Safer Horses, Safer Riders, Safer Drivers Evening

The British Horse Society's north east Wales committee will be hosting a safety information event at Venue Cymru, Llandudno, on Thursday, 6 October 2022.

Director of Safety at the BHS Alan Hiscox, will be joined by representatives of North Wales Police, North Wales Horse Watch and Conwy County Borough Council’s Road Safety Officer, Julie Burchill.

The presentation will focus on vulnerable road users, covering issues such as:

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Driver theory refresher workshops in Powys

Mature drivers are being given the opportunity to revise and improve their road knowledge by taking advantage of a free, online driver theory course, organised by the county council. The newly updated course will cover the recent changes to the Highway Code and how these effect road users.

Powys County Council's Road Safety Unit will be holding its Driver Theory Refresher workshop on the following days:

  • Wednesday 19th October 2022
  • Wednesday 16th November 2022
  • Wednesday 14th December 2022

The course is a two-hour, online informal workshop designed to update your knowledge of the road in an ever-changing environment, thus helping improve your driving skills and keep you driving safely.

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Road Safety Awareness and Queen Elizabeth Memorial Ride

Brynna Taff Ely Bridleways RCT, a local equestrian group affiliated with The British Horse Society, held a Queen Elizabeth II Memorial Horse Ride in the Tonyrefail area on Sunday 18th September.

47 horses and one cyclist rode through the streets of Tonyrefail and surrounding areas along with 8 walkers. All wore black armbands and a black ribbon, and a minute's silence was observed in honour of the late Queen who was patron of The British Horse Society.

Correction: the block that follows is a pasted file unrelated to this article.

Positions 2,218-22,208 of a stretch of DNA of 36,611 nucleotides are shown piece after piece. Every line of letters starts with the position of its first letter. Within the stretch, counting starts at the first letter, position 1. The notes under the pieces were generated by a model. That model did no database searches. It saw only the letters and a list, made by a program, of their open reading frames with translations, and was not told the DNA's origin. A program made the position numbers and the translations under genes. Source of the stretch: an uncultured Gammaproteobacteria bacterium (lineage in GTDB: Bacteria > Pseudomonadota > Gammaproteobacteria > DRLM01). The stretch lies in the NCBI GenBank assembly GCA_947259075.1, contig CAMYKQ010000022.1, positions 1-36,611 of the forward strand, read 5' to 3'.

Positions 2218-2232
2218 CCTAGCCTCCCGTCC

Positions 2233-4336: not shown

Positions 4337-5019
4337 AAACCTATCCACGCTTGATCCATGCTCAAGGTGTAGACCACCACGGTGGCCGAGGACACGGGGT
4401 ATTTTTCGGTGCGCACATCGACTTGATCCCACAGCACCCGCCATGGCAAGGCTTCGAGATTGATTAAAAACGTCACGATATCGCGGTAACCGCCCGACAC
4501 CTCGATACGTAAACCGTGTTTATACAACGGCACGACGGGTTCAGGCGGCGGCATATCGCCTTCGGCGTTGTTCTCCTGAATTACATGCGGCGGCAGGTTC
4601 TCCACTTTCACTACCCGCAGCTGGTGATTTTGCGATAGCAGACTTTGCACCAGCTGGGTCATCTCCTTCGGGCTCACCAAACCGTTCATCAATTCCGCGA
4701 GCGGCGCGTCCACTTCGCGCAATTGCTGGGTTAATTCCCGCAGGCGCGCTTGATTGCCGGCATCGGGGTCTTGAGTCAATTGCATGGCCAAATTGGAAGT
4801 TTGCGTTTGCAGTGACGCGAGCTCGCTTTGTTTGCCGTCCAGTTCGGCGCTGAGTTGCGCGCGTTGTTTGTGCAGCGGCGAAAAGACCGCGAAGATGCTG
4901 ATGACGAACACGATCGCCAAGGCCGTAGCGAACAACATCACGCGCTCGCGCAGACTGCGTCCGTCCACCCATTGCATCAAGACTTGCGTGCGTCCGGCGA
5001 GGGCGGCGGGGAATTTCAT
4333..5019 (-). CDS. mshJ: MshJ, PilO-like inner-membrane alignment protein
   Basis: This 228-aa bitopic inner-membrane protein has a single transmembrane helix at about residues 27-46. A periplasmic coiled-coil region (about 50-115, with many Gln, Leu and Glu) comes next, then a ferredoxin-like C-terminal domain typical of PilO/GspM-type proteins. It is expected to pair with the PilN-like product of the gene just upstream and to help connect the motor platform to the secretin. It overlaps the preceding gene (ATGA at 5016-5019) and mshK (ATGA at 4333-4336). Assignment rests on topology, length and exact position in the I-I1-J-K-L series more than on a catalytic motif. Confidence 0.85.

Remarkably, the youngest horse rider taking part was just 4 years old and the eldest horse rider was 84!

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Supporting National Eye Health Week

National Eye Health Week takes place between 20th and 25th September 2022, promoting the importance of good eye health and the need for regular eye tests for all.

Whatever your age, good eyesight is vital when using the road. Drivers and motorcyclists must be able to read a vehicle registration plate from a distance of 20 metres (or 20.5 metres if the vehicle was registered before September 2001) wearing glasses or contact lenses if required.

If you are finding it difficult to read road signs, particularly those with text, it could indicate that your eyesight has deteriorated and you may require corrective lenses. If you are finding it harder to see clearly in the dark, this may also mean you need to wear glasses or contact lenses.

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